The time limit will be set by the European Commission, generally it is 18 months but can be up to 5 years in some cases. The European Commission monitors the progress of the directives and is in a position to warn a Member State if there is a delay or a fault in the transposition of the directive. The European Judges will be required to act if there are persistent failures to transpose the directives and they may impose daily penalties or a fine or both.

 

Turning to the requirement for directives to be brought into effect, this is normally achieved by delegated or secondary legislation. Directives in the UK are usually implemented by Statutory Instruments but will sometimes be introduced by Orders in Council or an Act of Parliament. The Unfair Terms in Consumer Contracts Regulations 1994 is a UK statutory instrument which brought into effect the EU (then EEC) directive Unfair Consumer Contract Terms Directive 93/13/EEC, a directive intended to provide protection to consumers from unfair terms in consumer contracts.

 

The main thrust of the EU's work to establish liability in respect of defective products was brought into effect eventually by a statute (primary legislation) in the form of the Consumer Protection Act 1987. Bearing in mind the amount of legislation coming out of Europe it is not usual to implement directives by introducing statutes in this way. The Act was notable in that the UK was one of only a few EU member states to implement the directive within the three year deadline and it was the first occasion that the UK government implemented an EC directive through an Act of parliament rather than an Order under the European Communities Act 1972.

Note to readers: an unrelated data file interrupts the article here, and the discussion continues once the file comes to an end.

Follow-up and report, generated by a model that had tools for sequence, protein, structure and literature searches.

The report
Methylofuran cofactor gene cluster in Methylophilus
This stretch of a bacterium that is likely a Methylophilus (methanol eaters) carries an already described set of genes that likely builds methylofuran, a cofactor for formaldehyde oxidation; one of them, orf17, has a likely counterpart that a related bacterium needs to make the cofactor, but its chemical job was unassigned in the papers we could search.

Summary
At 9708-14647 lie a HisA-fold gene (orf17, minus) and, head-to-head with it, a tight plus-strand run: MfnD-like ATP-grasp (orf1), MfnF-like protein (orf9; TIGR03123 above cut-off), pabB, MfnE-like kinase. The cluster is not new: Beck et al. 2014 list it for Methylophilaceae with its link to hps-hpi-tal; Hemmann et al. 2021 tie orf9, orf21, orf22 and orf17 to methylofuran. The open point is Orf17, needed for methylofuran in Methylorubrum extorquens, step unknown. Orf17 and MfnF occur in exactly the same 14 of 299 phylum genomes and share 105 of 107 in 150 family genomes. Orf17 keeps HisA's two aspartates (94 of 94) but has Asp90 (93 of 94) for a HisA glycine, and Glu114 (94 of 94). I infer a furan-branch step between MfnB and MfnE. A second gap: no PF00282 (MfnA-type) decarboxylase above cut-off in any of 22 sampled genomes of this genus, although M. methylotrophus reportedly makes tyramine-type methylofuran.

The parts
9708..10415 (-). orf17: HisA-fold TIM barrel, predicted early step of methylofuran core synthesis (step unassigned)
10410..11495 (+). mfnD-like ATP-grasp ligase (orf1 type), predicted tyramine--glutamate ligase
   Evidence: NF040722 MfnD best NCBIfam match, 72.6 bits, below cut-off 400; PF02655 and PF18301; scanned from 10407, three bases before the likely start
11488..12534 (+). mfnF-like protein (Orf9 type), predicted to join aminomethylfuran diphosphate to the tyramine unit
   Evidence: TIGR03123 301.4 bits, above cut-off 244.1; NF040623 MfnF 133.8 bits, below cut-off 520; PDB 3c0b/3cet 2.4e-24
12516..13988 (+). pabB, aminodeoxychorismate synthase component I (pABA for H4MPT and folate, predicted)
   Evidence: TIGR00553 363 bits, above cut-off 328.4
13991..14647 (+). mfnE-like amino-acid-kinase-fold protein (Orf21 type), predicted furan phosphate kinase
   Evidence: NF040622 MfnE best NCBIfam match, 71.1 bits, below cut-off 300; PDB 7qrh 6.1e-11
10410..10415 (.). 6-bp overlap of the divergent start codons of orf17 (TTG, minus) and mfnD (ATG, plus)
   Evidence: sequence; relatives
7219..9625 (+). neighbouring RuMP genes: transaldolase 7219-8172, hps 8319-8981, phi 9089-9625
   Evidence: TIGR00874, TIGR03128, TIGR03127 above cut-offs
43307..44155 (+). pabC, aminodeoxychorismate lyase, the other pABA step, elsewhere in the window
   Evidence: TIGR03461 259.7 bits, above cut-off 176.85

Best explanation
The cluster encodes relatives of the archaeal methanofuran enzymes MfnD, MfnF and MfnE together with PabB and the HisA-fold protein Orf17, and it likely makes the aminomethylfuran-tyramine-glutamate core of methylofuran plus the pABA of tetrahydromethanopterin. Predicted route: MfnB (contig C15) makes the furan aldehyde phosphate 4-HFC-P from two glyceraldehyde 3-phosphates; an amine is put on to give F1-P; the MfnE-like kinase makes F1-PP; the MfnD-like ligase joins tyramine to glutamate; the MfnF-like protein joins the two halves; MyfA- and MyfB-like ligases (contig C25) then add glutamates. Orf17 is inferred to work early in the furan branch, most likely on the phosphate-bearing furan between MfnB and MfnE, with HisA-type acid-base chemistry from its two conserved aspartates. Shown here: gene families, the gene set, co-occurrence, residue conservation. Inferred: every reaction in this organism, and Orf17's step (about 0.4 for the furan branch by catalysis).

Directives do not take effect automatically and must be implemented if they are to become part of the member states' national law. Regulations on the other hand are directly applicable and no further action is required in order for them to come into effect. This is different from directives which are implemented by the member state usually within the time scale permitted. Directives are addressed to countries and those national authorities must take some action to put them into effect. Decisions do not necessarily apply to each member state and apply to specific countries or individuals.

 

As a result regulations are said to be the most direct form of EU law. This is because as soon as they are issued they have binding legal force throughout every Member State. Regulations are not in any way less important than national laws and are on a par with national laws. National governments do not have to take action themselves to implement EU regulations and they automatically become law in each member state.

 

It is important to note that regulations are directly applicable. Crucially the law in a member state will change on the issue of a regulation and this change will take effect as prescribed by the regulation. An organisation or individual may acquire legal rights or have existing rights altered by such regulations so it is important to understand the nature of this form of secondary legislation and that they operate without recourse to our own national parliament. This direct applicability is taken from Article 249 of the Treaty of Rome.

 

It is this same Article 249 which enables the EU to make directives but the important distinction is that such directives do not come into effect straight away but some action must be taken by the member state in question. This means that organisations and individuals do not have their rights changed automatically as with regulations. This may be crucial in the event of a potential cause of action arising prior to liability being established.